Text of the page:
MEXICO CITY - The star of the World Dog Show is not the soulful Labrador, the bulldog with attitude or even the manic Chihuahua. This year, the hairless Xoloitzcuintles (show-low-ee-SQUINT-lees) are stealing the show in their native Mexico.
A Mexican Xoloitzcuintle Intermedio, is seen prior to compete in the Mexico World Dog Show 2007 in Mexico City, Thursday, May 24, 2007. [AP]
Sleek with bat-like ears, the rare breed looks more like a cartoon character than a canine. But its history dates back to the Aztecs, and it has a special allure for asthmatics or those who just don't like cleaning up after a shedding dog.
Nicknamed "Xolos" by breeders and known in Mexico as "Itzcuintles," the breed has yet to come into its own. But the dogs are becoming more popular around the world. They can sell for up to $2,500 for a show dog, and past owners have included the Mexican artists Diego Rivera and Frida Kahlo.
Breeders say Xolos were on their way to extinction in the 1940s when a group of Mexicans began searching for the dogs in remote, mountain villages and forgotten desert outposts, building a breed that numbers around 5,000 worldwide today.
Patty Hoover, a breeder from Selah, Wash., said she began breeding Xolos almost 20 years ago because she "married a man who didn't like dog hair on the floor."
There weren't many other Xolo owners around when she started, but that is changing.
"They are getting a lot more recognition," she said, videotaping Xolos as they pranced by at a Mexico City convention center. "The breeders are working really hard to promote them."
Stephanie Mazzarella, an asthmatic 44-year-old from Loxahatchee, Fla., began breeding them after her doctor told her she could never have a pet -- unless it had no hair. Now, she spends her free time trying to get others interested in her dogs.
"I put them in a puppy stroller and take them to the mall to try to get the public interested," she said as her 9-month-old puppy, Chabella, watched his competitors.
Xolos were common throughout Mexico at the time of the Spanish Conquest. They were considered sacred by the Aztecs, who sometimes ate their meat as a cure-all for illness or buried the dogs with their owners to help guide the human spirit to the afterlife. The dogs are still believed by many to have healing qualities.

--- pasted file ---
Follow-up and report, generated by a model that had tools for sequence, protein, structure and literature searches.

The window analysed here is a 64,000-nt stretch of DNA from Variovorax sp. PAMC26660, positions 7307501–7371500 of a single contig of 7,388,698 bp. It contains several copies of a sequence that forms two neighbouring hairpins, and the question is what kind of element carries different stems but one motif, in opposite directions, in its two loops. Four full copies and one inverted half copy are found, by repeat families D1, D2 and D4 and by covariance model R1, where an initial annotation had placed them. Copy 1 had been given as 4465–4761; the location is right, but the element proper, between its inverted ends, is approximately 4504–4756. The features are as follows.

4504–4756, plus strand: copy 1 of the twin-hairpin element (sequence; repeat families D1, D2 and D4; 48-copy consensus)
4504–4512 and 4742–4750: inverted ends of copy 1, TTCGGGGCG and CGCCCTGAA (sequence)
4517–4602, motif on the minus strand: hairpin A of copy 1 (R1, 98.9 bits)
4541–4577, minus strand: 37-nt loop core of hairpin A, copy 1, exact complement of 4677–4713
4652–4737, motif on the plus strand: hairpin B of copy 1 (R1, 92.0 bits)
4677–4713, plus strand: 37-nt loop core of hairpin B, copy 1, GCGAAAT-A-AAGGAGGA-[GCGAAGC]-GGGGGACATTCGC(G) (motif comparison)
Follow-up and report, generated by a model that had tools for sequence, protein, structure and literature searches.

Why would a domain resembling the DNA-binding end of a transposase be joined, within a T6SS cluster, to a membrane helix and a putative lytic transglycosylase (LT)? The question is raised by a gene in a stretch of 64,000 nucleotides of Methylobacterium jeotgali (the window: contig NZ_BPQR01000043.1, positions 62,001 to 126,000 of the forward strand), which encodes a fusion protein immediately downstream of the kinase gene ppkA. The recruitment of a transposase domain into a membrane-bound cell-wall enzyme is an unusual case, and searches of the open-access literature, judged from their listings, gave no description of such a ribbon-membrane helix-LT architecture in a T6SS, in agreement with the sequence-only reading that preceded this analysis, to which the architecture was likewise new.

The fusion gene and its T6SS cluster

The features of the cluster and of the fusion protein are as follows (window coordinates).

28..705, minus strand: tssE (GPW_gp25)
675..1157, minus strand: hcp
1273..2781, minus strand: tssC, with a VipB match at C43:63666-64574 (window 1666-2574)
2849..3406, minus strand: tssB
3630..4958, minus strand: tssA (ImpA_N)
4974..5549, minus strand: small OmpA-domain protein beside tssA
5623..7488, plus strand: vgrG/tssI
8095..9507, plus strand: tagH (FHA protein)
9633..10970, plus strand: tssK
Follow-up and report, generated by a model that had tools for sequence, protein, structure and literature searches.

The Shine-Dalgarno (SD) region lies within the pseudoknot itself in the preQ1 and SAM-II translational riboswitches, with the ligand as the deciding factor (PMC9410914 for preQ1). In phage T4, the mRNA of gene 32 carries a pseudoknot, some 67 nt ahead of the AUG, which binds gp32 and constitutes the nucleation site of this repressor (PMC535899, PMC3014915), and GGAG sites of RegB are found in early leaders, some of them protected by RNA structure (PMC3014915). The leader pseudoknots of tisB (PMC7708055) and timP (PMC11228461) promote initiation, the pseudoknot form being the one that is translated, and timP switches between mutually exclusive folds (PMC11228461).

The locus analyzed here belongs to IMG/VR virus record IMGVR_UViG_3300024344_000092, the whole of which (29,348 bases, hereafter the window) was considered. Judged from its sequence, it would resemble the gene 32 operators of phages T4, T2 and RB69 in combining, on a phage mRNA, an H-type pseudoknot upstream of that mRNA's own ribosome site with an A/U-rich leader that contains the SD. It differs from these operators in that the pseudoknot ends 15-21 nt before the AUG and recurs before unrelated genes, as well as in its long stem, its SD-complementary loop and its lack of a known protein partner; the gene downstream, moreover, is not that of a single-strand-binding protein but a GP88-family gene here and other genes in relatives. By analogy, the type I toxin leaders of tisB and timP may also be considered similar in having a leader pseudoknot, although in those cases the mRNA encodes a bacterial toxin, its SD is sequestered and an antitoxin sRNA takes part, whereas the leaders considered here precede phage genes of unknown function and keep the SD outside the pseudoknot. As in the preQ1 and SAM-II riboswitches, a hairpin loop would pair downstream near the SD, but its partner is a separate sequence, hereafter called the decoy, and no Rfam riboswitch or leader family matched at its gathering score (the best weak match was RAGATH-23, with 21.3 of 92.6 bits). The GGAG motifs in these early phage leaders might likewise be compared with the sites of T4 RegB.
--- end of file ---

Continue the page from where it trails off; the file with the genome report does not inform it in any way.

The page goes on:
Brenda Armstrong, who has four Xolos at home in Vancouver, British Columbia, said she had a friend whose Xolo was trained to wake her up if her diabetic husband's blood sugar fell in the night.
"Mayan women still hold the dogs up to their stomachs to cure cramps," she said, playing with the leash of her friend's Xolo at the show.
Some 70 Xolos are competing in this weekend's World Dog Show. It remains to be seen whether the Xolo selected as best of breed can hold its own against the more than 5,000 dogs and 300 breeds competing Sunday for "best of show."
Even if they don't win, the Xolos have taken center stage in a sea of Great Danes, German Shepherds and fluffy lap dogs.
The dogs have long been popular in rare-breed dog shows, and can be found as pets around the world. Russians dress them in special down coats, while Mexicans slather light-skinned Xolos in sunscreen.
The dogs have warm, soft skin, and keep their coat oiled with glands found between their toes.
Some have a wiry shock of hair at the top of their head, and about 25 percent are actually born with a thick coat of fur, a genetic quirk.
Xolos range in weight from 10 to 50 pounds and come in three different sizes: mini, a little larger than a Chihuahau; intermediate, about the size of a beagle; and standard, roughly the size of a Labrador.
Armstrong says the breed is hearty, having survived thousands of years in Mexico. Once, her dog ate two barrel cactuses.
"I thought, 'Oh, this is going to be expensive,' " she said. "But somehow she didn't have one spine in her mouth, and an hour later she coughed up all the spines and she had no trouble digesting the cactus."